Declarations of independence are, among other things, rhetorical instruments for legitimising the rejection of sovereignty of an existing state and replacing it with the sovereignty of a new state. In many such declarations, the phrases ‘self-determination’ (as in ‘the right to self-determination’) and ‘the will of the people’ are used as rhetorical devices legitimising this change of sovereignty. If the independence of a state is a result of ‘alien determination’ – military intervention of an outside state – there arises ‘paradox of alien-determined self-determination’. Bulgaria’s declaration of 1908, for example, resolves the paradox by acknowledging with thanks the ‘alien’ military intervention and invoking only ‘the will of the people’. The declarations of independence of Bangladesh (1971), East Timor (1975, 2002), Northern Cyprus (1983), South Ossetia (1991, 1992) and Kosovo (1990, 1991, 2008) avoid the paradox by divorcing self-determination from the actual achievement of independence (which is not mentioned) and, in some cases, replacing ‘self-determination’ by ‘the will of the people’; unlike the former, the latter phrase does not presuppose any specific action by the people in question.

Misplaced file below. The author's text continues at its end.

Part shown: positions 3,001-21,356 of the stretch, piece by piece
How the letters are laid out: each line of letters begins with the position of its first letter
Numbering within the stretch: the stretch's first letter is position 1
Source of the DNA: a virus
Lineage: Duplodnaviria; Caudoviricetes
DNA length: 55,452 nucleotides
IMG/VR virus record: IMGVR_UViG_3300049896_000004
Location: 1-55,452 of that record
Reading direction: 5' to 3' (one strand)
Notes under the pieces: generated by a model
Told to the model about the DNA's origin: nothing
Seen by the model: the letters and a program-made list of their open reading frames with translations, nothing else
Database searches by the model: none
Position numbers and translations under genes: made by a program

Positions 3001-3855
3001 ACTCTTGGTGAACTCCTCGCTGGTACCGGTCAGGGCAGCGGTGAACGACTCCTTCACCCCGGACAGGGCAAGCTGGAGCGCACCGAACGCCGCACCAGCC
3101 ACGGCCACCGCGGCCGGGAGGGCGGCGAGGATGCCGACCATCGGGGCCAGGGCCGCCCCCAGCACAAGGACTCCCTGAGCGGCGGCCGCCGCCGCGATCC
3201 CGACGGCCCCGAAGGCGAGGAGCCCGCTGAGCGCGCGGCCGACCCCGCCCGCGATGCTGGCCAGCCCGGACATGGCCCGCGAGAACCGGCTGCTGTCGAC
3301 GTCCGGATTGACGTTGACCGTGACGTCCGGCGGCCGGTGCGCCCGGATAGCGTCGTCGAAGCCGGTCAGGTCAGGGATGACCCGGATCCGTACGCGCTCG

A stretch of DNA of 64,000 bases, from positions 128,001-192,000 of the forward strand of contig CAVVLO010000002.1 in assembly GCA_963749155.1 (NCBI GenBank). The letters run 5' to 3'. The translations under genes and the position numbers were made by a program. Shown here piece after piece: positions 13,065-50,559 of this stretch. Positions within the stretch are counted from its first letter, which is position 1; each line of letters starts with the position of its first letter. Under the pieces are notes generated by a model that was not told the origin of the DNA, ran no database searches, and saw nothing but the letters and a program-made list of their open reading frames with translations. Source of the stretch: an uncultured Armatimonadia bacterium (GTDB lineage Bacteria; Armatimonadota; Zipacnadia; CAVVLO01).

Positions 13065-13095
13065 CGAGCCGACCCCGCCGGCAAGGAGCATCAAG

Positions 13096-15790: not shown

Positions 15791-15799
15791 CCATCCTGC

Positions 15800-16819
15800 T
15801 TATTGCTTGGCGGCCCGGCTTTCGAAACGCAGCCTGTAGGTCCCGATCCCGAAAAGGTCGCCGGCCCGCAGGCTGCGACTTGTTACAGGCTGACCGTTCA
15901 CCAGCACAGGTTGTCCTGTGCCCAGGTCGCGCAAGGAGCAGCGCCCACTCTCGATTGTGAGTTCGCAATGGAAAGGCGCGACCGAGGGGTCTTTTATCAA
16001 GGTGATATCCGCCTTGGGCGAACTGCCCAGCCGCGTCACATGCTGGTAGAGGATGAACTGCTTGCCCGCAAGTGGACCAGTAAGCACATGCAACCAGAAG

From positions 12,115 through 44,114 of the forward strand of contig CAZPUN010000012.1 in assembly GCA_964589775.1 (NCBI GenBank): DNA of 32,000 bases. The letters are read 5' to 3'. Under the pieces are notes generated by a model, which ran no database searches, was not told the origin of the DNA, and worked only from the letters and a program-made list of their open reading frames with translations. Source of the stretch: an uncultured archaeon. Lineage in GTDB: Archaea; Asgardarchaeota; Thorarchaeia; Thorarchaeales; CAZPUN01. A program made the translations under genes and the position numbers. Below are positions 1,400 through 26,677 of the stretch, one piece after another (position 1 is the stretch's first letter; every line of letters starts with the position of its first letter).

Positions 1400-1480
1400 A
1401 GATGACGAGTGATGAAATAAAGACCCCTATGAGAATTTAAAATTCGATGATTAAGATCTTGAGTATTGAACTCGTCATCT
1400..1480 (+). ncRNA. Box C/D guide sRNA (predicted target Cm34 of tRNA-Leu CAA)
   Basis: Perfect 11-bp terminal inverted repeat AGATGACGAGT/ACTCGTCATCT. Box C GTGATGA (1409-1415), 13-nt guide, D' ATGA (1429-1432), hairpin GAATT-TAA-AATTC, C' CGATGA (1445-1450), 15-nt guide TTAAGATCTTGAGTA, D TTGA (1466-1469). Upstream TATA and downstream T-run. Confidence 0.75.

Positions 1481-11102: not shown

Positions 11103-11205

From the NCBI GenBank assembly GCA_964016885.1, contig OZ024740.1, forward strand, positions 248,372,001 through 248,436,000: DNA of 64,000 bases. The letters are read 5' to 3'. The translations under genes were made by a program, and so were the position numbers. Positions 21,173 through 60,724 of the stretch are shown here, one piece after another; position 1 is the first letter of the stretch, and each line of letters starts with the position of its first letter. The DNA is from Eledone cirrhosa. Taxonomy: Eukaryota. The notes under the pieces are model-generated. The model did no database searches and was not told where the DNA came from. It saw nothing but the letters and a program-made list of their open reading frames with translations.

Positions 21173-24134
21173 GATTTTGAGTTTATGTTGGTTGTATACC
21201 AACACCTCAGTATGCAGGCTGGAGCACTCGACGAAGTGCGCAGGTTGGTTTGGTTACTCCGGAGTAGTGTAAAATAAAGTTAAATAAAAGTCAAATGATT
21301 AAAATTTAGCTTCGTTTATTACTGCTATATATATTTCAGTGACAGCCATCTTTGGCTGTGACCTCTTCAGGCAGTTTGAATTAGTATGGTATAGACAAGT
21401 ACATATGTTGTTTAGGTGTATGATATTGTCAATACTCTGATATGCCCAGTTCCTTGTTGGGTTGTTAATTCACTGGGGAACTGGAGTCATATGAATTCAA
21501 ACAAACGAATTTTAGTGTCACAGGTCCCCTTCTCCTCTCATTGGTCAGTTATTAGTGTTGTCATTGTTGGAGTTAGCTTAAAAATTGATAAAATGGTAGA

|Title of host publication||Nationalism, referendums and democracy|
|Subtitle of host publication||voting on ethnic issues and independence|
|Place of Publication||London ; New York|
|Publisher||Routledge, Taylor and Francis Group|
|Number of pages||20|
|ISBN (Print)||9780367228828, 9780367228835|
|Publication status||Published - 2020|